On August 30, 2017, Mumbai recorded 486 mm of rainfall. The roads were flooded, buses stranded, trains stopped, and Mumbai was rendered immobile. An eight months pregnant Siddhi, was stranded in Mumbai’s Lower Parel area. The person accompanying Siddhi informed her friend Marian D’costa about the situation. Marian then tweeted about Siddhi’s situation. Within hours, over 70 people offered to help Siddhi and host her in their homes. Many braved the rains to look for her and the Mumbai Police intervened soon after. She was then taken by them to the home of one of the hosts who’d offered to help her.
On July 26, 2005, like millions of Mumbaikars, business consultant Banu Shridhar was stranded in the floods. Seven months pregnant, she was stuck in a cab for 24 hours without food and water. If only Banu had the reach of social media during 26/7, she could’ve been spared traumatic experiences.
On Tuesday, Mumbai was drenched in chaos and infrastructural loopholes (and potholes), but its people came to the rescue. Twitter and Facebook users started offering help to host people across Mumbai. Soon, a crowdsourced list of hosts and a website called mumbairains.org was created to help the stranded find temporary shelter. A hashtag #RainHosts started trending in Mumbai.
But for a lot of women, hosting or finding shelter through the internet was a strange experience. Even in the face of disaster, the question of safety arose. How does one trust a stranger from the internet? For many, it was an awkward experience; they had to deal with prejudices that came with conditioning and age. Women using social media in the face of a natural disaster also had to make peace with the strangeness of opening themselves and to trust blindly, something we’ve been taught all our lives not to.
For Ekta Koparde*, a software professional in Mumbai, talking to people does not come easy. An introvert, she finds it very difficult to ask people for help. But she didn’t have another choice when she was stranded waist deep near the notorious Milan subway in Andheri on Tuesday. Through mumbairains.org, she managed to contact a host called Niranjan*. She then walked to his home (which was 500 meters away) tired, drenched and nervous. She had difficulty talking to known people, let alone strangers. On reaching his home, she found that he lived alone. Now, apprehension followed nervousness. “I thought he lived with his family. How do I just stay with a complete stranger alone?” she exclaims.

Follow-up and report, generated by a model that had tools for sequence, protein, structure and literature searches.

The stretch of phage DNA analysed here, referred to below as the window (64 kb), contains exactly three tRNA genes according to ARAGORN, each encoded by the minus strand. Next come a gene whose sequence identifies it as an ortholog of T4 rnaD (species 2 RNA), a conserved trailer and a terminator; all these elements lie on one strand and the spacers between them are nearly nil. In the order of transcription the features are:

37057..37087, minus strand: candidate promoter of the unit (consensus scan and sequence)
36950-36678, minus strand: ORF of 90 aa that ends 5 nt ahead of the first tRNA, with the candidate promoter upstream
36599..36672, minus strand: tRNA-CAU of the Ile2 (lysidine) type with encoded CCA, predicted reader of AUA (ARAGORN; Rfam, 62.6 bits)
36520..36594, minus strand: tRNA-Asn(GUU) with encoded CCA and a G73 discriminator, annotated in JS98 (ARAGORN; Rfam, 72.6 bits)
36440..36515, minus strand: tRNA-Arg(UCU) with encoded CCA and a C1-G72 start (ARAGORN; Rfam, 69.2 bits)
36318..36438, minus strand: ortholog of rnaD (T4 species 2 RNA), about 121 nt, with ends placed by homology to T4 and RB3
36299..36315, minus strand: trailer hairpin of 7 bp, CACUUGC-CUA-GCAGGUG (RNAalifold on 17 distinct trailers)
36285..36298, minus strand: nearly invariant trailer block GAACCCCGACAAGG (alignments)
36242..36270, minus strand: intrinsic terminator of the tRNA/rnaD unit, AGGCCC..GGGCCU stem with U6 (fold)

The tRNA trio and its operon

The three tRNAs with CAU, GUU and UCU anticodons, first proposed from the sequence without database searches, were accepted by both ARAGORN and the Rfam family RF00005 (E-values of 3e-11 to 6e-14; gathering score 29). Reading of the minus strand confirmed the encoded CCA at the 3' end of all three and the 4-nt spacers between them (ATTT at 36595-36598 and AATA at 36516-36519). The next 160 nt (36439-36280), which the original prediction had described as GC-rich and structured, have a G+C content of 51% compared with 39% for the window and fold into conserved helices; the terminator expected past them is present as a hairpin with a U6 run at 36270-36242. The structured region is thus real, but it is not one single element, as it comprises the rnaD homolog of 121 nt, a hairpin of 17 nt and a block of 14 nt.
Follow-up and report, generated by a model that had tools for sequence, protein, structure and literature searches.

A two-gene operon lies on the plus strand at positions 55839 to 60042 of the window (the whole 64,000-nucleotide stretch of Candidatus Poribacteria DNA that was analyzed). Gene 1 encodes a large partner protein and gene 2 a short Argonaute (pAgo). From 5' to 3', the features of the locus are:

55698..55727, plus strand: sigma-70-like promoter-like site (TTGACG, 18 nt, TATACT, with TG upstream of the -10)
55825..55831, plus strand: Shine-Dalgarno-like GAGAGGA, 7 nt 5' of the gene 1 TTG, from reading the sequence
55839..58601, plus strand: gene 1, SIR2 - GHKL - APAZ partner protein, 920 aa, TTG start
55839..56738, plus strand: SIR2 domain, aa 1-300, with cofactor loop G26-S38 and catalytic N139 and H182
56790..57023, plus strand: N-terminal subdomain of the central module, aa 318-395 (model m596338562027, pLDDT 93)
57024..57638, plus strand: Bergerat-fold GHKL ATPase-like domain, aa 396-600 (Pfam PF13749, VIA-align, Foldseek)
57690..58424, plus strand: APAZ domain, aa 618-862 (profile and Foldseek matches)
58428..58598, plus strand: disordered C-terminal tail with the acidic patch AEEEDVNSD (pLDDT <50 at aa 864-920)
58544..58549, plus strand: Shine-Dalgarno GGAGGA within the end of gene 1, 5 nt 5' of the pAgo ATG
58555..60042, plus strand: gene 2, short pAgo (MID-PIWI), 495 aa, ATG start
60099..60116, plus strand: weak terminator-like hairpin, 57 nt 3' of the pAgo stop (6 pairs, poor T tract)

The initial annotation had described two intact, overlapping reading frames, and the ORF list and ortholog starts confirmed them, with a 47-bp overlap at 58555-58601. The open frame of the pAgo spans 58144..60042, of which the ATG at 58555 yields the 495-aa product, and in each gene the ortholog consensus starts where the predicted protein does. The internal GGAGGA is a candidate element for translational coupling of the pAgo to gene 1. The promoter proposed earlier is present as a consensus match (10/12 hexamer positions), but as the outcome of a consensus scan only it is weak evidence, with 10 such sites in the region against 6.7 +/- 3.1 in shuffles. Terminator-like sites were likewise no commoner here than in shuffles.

But Niranjan, a journalist, gave her clothes to change into, made her some staple rain food — Maggi and chai. She liked that he didn’t force her to talk. Slowly, they started talking to each other about Mumbai rain and each others’ lives. She found herself trusting him a little more. She felt a little less tense. That they both shared similar taste in music and loved reading poetry helped the cause. “We spent four hours just listening to music together and reading out Faiz Ahmed Faiz’s work. I don’t know how I went from feeling terribly nervous to having a tiny crush on him. It was ridiculous how filmy it was. I didn’t say anything about it though. I slept, had breakfast in the morning and left.” But Ekta intends to call him soon, for a non-emergency chai. This time, with a little less apprehension.
If apprehension–to-crush was Ekta’s story, kindness-to-disgust was Karishma Khemlani’s. Karishma was helping people reaching out to her on Twitter, to find temporary shelter. But was she found herself in was getting hit on by a shelter-seeker.
Matlab try to help someone and you have to deal with this. pic.twitter.com/wpTSqnEdLL
— Karishma (@The_Karishma) August 29, 2017
She says, “I was trying to help people. The last thing I want to do is flirt.” Even in a disaster situation, women have had to be mindful about safety from men. Imagine opening up your homes, only to find unwanted advances from men?
But advances are not the only things that worry women. Apprehension about accepted behaviour in a complete stranger’s home also bothered a few, especially older women. For them, the idea of going to a stranger’s home to sleepover is an incomprehensible one. This becomes even more difficult to accept if it’s a man’s home. Many Indian mothers have problems with their adult sons and daughters staying over at their friends’ homes. It’s a huge adjustment for women their age to stay at a stranger’s home. My mother, for example, downright refused to co-operate. Firstly, she had no access to the internet. Along with her colleague Lata, she was stuck in South Mumbai. Both women were insistent that they’d prefer to go back home, which was an hour away by train. But of course, trains were at a standstill. They had no relatives or friends in South Mumbai.